Over the years, Christ Church expanded the cemetery to the size it is today. The National Register of Historic Places listed Congressional Cemetery, on June 23, 1969. June 16, 1997, the National Trust for Historic Preservation declared Congressional one of America’s 11 most endangered historical sites. The church owned land is now managed by a private foundation –The Association for the Preservation of Historic Congressional Cemetery. The preservation group, seeking money from donors and support of Congress, wants to fully restore the cemetery by 2007, its 200th anniversary. The House Appropriations Committee fostered the bill, clearing Congress Sept. 25, providing $1 million in matching funds to clean the cemetery up. The National Trust administers the endowment established by Congress as well as the matching funds raised by the Association.  
June 1976, Vestry of Christ Church leased Congressional to the Association for the Preservation of Historic Congressional Cemetery. APHCC is, until 2019, responsible for “operating, developing, maintaining, preserving and enhancing the cemetery grounds.” Congress authorized the Architect of the Capitol to assist with the cemetery’s care, providing oversight and an ex officio voting member to Congressional’s Board of Directors. Volunteers maintain grounds and buildings. In 1997, the Marine Corps sent a team of 100 to rake, cut trees and remove high brush. Fort McNair sent a crew to upright tombstones and organize cemetery records. In 1939 the Veteran's Administration surveyed Congressional's records and grounds, producing a list of over 1,100 veterans, in most cases provided the name, rank, unit, and type of headstone, too. Another project included cataloguing inscriptions from the cemetery's 20,000 headstones.  Yet another involved computerizing the names of everyone interred on the grounds, from handwritten logs dating back to the 1820s. The Board wants $28 million to repair roads, paths, preserve historic tombs, mausoleums, grave monuments, gatehouse building, chapel and plant hundreds of trees.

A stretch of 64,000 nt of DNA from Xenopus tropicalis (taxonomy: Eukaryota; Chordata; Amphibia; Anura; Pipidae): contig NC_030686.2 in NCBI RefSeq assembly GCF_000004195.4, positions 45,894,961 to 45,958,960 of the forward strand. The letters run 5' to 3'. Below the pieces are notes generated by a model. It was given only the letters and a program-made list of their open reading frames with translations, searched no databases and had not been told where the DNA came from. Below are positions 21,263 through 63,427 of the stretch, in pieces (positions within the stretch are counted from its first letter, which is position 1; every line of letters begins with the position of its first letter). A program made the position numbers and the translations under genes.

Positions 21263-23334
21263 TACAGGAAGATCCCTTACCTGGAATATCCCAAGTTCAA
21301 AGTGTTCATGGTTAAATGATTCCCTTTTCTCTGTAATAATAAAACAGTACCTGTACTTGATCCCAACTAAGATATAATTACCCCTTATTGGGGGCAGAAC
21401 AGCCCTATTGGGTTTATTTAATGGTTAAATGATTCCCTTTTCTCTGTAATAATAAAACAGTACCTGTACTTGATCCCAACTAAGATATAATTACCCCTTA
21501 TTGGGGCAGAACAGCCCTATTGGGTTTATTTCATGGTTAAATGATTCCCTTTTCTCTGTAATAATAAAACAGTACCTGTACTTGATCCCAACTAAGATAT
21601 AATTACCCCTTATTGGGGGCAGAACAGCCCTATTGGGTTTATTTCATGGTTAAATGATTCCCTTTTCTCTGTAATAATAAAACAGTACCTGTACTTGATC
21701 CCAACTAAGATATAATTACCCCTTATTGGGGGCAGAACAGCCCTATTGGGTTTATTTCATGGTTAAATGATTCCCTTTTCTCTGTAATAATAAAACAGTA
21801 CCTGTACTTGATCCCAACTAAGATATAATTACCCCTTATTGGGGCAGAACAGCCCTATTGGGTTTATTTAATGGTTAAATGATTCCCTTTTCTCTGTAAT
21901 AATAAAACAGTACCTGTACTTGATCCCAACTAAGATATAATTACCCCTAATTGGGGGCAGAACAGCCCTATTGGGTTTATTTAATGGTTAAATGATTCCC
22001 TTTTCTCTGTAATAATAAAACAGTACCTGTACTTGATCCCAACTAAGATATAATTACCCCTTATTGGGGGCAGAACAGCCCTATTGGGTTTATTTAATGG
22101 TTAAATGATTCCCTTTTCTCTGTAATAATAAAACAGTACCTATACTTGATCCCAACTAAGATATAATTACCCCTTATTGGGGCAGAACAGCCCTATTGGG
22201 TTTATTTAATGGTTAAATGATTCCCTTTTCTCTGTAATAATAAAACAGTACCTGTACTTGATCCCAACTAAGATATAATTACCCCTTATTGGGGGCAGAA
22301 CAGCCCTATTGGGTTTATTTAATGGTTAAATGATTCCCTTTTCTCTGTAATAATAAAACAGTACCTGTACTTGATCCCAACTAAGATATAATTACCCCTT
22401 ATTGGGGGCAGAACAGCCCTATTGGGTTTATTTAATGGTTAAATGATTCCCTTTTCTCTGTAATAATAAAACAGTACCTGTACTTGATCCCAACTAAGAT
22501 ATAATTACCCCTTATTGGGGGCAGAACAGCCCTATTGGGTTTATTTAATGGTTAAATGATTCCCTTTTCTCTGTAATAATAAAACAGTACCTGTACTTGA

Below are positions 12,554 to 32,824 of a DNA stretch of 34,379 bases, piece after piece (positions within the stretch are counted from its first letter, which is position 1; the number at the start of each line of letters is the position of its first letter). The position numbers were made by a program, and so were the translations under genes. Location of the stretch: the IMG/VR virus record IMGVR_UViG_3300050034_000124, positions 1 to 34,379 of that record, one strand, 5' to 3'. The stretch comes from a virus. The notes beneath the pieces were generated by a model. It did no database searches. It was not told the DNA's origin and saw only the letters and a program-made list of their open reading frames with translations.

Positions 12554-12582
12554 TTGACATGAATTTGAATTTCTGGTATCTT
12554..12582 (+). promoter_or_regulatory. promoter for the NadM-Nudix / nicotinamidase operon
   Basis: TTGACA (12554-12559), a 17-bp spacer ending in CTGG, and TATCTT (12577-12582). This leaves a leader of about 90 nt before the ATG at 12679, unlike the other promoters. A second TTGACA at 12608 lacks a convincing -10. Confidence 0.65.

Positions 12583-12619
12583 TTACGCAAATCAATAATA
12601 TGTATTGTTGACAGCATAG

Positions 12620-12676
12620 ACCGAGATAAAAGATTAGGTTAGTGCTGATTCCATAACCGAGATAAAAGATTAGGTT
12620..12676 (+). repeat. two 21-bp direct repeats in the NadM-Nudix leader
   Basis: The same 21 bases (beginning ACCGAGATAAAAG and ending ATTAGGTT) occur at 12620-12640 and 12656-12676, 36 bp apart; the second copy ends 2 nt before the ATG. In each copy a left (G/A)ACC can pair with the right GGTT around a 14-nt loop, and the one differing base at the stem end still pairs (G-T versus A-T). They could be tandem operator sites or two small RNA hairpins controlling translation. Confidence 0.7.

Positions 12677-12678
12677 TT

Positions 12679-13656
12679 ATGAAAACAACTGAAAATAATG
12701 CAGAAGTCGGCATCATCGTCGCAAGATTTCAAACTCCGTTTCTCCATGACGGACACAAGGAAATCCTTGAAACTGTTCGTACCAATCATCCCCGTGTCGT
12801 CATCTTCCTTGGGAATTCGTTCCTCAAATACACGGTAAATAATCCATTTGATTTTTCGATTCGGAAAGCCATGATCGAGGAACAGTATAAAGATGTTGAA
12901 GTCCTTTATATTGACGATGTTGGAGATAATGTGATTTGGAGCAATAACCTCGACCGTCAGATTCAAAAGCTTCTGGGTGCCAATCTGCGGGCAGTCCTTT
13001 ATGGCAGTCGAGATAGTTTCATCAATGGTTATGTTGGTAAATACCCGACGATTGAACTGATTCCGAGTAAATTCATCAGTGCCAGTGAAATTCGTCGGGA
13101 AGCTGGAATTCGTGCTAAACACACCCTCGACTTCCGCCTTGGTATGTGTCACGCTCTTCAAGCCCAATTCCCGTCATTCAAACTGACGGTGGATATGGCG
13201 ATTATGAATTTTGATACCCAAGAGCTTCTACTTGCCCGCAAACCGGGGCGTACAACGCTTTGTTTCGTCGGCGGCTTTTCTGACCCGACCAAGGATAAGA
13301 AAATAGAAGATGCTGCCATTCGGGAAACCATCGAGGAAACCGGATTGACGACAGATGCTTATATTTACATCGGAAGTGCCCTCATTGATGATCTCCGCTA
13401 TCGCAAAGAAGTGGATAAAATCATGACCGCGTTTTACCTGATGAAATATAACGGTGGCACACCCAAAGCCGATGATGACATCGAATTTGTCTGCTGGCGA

From its beginning, Congressional Cemetery was an official burial site for leaders of the new country and members of Congress. The cenotaphs, squat odd looking empty tombs erected for members of Congress buried elsewhere commemorate congressmen who died in office. In fact, 80 congressmen are actually interred there. Connecticut Congressman Uriah Tracy, of Connecticut, was interred at the cemetery in 1807. Between1816 and 1823, government reserved 500 plots, later adding an additional 500 spaces. 
 Funerals for three presidents, congressmen, war heroes, generals and prominent people were held at Congressional.  Luminaries include “Stars and Stripes” composer John Philip Sousa, Capitol designer William Thornton, Vice President Elbridge Gerry, a vice president who signed the Declaration of Independence is buried in range 29, near the FBI’s memorial to its director, J. Edgar Hoover (1895- 1972), Marine Corps Commandant Gen. Archibald Henderson, Choctaw Indian Chief called Push-ma-ta-ha, (1764-1824); civil war photographer Matthew Brady, the father of photojournalism (1822-1896), Tobias Lear, secretary to George Washington. One foreign minister from Prussia, 1 Catharine Bressone, wife of a member of the French legation in 1824. John Quincy Adams and Presidents Harrison and Taylor lay for months in the Public Vault, down the walk, before they were removed for burial elsewhere. Dolly Madison was there for a couple of years, too. Silent film star Mary Fuller, lies in a pauper's grave.

American military  in inscribed on tombstones. Veterans from the Revolutionary war, Tripolitan war, War of 1812, Indian Wars, Mexican War, Civil War, SpanishAmerican War, WWI, WWII, Korean War, Vietnam War, Secretary of the Navy, Admirals of the Navy, Commander in Chief, Army, West Point Graduates stand silent guard for the Nation. Forgotten. At Congressional Cemetery aka Congressional Dog Park, where selfish wants of the living come before respecting the dead. And dog comes before God.